As regulatory agencies move into the age of technology, electronic reporting has become the required method of data submittal. In fact, some agencies, such as the Los Angeles Regional Water Quality Control Board will no longer accept paper reports. As the supply of electronic data continues to grow, so does public access to corporate data. In the past, most of the reporting data supplied to a regulatory agency or their agents was retained in files at the agency and subsequently archived in accordance with Agency retention schedules. The public was required to submit a Freedom of Information Act (FOIA) request to review the data. As a result, facility operational data remained largely confidential. Summary data was often reported to the public by the regulatory agencies to present trends or overall stakeholder compliance, but site specific data was not published.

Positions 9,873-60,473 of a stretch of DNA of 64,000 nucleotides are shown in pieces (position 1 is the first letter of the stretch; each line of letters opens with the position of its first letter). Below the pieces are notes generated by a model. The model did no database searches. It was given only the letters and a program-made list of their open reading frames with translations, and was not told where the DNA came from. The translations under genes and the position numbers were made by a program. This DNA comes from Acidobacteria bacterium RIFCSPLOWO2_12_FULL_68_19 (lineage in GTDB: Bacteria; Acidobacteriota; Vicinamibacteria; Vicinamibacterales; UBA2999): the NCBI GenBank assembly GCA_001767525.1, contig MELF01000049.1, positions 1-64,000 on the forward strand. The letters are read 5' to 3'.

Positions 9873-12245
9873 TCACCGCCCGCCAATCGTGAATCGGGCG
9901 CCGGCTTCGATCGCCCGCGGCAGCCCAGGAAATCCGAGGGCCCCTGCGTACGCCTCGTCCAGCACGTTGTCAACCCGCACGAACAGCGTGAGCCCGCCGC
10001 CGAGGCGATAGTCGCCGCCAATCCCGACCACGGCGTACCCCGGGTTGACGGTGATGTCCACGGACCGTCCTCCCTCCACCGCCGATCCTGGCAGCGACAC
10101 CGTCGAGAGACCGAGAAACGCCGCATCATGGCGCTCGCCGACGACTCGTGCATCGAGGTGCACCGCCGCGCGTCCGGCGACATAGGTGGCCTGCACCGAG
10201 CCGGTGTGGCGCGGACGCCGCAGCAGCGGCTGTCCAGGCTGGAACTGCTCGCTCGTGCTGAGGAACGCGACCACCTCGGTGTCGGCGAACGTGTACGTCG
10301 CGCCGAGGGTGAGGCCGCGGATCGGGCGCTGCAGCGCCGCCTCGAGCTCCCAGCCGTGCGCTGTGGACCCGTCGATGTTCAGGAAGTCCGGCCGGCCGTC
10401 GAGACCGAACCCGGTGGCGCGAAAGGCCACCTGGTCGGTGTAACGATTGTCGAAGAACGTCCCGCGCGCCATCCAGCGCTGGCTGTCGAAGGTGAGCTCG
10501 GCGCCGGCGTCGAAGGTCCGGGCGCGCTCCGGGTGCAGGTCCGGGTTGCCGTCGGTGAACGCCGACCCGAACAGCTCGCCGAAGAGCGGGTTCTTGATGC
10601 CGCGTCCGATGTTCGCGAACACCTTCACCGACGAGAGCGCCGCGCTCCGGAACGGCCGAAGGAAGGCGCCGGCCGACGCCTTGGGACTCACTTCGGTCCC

With almost universal access to the web and an increase in agencies’ posting data, new issues are developing. Facility operators are frequently unaware of information that is publicly available. The data can include operational details prepared to meet compliance requirements but not intended for public use or scrutiny. The data can be downloaded by a public third party and manipulated to misrepresent a facility operation. Citizen lawsuits in which electronic data is the basis of the lawsuit are becoming more common. The data originally submitted by a facility to meet regulatory compliance requirements may subsequently be used against them as part of a lawsuit. More care and thought needs to go into what is being reported and how it is prepared and presented to minimize the potential that this data could come back to bite you.
Protecting your facility from unnecessary exposure to enforcement and lawsuits requires planning and research:
Increasingly more individuals and groups are using electronic data to monitor what your facility is doing. Make sure you know what data is available and how it could be potentially used.
Please contact David Renfrew (firstname.lastname@example.org), or call us at (562) 495-5777, if you would like to know what your electronic exposure may be.